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SOURCE: Flickr/Michael Fleshman Several thousand people marched through Greenwich Village in May to protest the murder of Mark Carson, who was targeted for identifying as gay.
Four Years Later: The Shepard-Byrd Act Examining Bias-Motivated Crimes Against LGBT People

in UNITED STATES, 02/11/2013

Four years ago this week, President Barack Obama signed the Matthew Shepard and James Byrd, Jr. Hate Crimes Prevention Act of 2009, or Shepard-Byrd Act, into law, saying that the bill was meant to “help protect our citizens from violence based on what they look like, who they love, how they pray.” This measure expanded federal law to include bias-motivated hate crimes based on a victim’s actual or perceived gender, sexual orientation, gender identity, or disability.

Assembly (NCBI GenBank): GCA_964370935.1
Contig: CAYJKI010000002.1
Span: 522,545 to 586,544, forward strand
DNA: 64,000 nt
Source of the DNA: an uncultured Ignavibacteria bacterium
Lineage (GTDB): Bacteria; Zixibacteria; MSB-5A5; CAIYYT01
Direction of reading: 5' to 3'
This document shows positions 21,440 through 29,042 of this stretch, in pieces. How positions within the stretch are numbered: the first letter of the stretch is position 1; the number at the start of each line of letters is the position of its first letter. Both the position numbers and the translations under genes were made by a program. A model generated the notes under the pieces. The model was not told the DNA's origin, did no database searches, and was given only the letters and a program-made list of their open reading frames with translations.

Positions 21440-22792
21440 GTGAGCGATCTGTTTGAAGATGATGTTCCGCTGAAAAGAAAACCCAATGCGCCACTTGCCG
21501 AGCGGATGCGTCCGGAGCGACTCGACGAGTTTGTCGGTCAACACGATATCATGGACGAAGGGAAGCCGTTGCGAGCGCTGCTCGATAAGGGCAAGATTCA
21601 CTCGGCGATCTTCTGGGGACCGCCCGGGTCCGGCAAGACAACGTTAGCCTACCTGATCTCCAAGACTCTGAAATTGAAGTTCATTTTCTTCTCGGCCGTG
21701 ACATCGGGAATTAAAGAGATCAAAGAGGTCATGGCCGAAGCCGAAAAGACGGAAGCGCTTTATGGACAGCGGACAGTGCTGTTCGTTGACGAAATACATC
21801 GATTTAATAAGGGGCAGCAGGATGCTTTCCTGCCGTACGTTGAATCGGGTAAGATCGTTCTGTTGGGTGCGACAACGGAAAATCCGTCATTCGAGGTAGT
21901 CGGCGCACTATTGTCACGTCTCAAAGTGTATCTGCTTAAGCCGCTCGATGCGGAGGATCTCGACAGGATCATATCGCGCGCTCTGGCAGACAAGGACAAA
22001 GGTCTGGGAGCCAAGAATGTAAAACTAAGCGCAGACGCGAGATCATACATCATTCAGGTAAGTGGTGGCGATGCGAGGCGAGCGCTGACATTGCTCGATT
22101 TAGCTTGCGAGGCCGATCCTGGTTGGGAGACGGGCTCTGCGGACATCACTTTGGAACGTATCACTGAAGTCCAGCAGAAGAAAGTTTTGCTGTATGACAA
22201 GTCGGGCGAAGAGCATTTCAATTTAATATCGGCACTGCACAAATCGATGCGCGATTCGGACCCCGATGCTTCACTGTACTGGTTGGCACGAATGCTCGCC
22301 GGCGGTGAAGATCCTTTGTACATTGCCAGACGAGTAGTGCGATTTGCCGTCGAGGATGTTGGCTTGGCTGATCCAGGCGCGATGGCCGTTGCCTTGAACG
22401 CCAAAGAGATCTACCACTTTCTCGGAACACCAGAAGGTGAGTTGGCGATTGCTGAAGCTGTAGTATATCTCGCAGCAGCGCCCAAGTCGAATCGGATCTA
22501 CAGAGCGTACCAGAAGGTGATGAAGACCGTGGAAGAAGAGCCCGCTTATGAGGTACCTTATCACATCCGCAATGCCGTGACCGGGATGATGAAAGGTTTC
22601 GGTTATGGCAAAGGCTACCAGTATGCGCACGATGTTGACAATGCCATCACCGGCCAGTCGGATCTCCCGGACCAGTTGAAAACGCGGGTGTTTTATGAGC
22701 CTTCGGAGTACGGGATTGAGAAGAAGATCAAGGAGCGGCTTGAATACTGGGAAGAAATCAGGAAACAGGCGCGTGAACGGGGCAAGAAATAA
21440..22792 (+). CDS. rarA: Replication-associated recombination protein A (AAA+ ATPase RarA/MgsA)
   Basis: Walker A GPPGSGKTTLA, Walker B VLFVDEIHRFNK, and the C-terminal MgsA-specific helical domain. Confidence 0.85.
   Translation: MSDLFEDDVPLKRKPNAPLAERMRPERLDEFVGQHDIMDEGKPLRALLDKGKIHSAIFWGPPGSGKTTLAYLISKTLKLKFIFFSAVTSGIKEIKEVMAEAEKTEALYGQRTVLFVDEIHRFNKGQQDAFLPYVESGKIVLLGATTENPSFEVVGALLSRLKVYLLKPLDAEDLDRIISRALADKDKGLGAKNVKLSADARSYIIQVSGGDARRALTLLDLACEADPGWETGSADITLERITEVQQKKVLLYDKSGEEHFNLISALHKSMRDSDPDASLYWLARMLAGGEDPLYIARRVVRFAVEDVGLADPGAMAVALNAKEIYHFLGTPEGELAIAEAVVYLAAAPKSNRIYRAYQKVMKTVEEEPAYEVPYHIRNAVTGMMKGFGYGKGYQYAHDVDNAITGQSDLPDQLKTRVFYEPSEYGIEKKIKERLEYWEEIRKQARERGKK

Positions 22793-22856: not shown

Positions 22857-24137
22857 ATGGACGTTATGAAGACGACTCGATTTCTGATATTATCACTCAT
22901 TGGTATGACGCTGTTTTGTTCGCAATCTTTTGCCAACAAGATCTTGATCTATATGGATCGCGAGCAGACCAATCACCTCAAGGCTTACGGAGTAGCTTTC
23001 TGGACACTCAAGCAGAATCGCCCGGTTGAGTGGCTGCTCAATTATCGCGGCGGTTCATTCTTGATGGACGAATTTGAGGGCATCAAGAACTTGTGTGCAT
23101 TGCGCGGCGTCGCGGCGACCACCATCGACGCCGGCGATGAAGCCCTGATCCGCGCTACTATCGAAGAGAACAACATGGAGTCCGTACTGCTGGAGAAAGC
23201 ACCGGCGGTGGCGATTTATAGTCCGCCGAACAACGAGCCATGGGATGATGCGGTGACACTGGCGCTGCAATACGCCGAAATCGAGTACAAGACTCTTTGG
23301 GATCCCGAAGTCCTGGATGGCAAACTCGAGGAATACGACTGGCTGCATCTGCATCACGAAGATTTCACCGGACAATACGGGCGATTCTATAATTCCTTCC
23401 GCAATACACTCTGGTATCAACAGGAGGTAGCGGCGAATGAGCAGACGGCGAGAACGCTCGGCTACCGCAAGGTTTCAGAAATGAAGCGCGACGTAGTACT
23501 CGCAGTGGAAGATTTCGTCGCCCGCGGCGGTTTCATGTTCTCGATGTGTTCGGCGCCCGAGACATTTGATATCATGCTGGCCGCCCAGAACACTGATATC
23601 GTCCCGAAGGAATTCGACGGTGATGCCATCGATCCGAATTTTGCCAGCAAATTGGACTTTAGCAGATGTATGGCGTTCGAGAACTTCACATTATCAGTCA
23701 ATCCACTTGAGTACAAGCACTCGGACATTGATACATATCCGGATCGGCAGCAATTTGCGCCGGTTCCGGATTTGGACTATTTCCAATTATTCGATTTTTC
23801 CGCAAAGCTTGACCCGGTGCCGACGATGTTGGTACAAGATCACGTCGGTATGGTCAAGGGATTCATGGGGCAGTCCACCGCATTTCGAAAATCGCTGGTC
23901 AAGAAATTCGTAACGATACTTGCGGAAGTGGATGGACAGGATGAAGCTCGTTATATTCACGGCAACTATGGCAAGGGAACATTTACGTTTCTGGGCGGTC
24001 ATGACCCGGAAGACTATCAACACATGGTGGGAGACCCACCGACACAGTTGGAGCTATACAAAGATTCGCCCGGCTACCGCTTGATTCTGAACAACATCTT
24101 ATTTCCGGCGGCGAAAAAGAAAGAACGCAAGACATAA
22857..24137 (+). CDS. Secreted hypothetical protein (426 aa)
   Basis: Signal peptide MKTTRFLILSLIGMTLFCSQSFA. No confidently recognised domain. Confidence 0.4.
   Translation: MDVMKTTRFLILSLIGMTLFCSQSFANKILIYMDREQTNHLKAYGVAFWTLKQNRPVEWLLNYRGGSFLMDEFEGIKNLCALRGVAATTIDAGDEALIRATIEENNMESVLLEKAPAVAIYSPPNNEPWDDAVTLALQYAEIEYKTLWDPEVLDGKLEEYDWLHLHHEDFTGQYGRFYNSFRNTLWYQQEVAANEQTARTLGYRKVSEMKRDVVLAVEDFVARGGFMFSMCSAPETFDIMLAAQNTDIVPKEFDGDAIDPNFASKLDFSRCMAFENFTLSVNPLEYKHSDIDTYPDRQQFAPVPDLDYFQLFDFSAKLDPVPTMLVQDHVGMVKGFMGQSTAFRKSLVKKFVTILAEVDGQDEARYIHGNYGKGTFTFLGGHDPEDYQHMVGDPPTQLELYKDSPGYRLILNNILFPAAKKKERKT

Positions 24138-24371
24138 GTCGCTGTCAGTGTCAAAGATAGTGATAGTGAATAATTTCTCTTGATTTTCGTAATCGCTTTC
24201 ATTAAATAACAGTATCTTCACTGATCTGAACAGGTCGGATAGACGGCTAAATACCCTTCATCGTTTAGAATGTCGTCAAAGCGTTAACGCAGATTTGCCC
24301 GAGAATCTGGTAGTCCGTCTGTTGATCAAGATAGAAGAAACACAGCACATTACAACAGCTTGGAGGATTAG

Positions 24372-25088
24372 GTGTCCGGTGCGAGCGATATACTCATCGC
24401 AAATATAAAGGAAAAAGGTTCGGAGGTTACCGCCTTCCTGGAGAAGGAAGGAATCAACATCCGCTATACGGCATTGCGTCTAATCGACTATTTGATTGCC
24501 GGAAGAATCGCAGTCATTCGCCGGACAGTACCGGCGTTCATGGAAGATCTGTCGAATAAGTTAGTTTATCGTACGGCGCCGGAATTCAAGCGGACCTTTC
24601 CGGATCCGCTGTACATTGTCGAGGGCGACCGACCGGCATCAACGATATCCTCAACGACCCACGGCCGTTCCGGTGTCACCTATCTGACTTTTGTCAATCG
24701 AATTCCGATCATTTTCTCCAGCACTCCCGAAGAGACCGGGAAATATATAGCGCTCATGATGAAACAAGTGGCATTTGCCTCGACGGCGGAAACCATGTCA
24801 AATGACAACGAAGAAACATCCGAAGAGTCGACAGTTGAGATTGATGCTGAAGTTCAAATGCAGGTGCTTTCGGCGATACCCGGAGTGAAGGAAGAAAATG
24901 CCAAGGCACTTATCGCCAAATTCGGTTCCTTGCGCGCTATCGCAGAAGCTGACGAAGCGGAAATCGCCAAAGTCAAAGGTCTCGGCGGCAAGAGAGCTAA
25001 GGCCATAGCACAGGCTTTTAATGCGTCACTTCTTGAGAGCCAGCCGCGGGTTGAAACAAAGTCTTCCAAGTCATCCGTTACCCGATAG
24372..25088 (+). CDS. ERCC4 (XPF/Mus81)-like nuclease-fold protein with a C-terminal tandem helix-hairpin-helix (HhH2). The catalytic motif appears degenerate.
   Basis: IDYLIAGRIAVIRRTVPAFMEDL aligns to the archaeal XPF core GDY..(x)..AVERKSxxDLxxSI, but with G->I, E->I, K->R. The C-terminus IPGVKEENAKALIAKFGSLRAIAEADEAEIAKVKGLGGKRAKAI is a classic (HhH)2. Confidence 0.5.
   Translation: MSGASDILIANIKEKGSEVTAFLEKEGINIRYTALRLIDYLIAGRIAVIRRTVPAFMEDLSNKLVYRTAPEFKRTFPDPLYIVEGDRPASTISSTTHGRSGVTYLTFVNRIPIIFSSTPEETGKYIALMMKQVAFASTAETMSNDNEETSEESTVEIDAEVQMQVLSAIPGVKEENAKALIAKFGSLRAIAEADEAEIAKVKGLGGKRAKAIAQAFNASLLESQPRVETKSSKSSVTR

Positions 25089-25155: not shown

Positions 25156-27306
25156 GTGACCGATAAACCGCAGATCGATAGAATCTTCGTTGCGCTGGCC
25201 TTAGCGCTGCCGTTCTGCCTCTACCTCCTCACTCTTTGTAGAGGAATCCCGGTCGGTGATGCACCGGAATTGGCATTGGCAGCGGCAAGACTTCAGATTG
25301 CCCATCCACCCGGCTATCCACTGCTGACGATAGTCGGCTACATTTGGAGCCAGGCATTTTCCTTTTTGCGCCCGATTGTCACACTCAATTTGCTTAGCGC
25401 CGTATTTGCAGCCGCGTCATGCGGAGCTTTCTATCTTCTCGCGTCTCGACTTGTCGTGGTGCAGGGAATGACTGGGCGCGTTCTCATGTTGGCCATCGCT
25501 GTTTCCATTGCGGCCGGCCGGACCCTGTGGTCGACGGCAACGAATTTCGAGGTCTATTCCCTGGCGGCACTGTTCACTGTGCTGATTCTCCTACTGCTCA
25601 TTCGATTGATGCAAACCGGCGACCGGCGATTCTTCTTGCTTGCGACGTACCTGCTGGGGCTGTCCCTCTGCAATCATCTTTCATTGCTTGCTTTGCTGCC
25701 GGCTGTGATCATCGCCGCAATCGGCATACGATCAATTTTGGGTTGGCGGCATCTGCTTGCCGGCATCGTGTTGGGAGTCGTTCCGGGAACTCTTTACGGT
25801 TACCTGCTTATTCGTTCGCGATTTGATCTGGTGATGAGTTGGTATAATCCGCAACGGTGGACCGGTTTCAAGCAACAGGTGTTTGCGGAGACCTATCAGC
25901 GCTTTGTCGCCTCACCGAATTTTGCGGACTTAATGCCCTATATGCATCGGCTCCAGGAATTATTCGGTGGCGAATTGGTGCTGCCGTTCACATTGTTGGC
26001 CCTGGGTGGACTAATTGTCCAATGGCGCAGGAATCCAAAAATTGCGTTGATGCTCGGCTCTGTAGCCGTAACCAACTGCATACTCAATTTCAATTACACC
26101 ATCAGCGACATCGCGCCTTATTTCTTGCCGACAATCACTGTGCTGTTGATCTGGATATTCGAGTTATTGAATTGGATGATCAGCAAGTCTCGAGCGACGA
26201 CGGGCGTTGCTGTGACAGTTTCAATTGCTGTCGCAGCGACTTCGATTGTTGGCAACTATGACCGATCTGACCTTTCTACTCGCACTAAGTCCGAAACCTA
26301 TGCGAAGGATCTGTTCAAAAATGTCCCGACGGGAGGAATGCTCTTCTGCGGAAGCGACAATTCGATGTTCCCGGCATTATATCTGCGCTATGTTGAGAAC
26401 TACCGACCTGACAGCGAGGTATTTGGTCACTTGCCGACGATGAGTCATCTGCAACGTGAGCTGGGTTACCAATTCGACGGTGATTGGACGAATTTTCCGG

Despite these legal protections, however, LGBT people—particularly black transgender women and gender-nonconforming gay men—are victimized, persecuted, and murdered at alarming rates.

Moreover, existing hate-crime statistics show that LGBT people of color are more likely to experience violence than their white LGBT counterparts. This uptick in incidents could be the result of increased reporting, suggesting that the Shepard-Byrd Act is working as intended and that people feel comfortable enough to report crimes because they have legal recourse. Yet the apparent vulnerability of LGBT people of color to this type of violence—relative to their white peers—suggests that additional work is needed to understand and prevent hate crimes against this community. Read more here.

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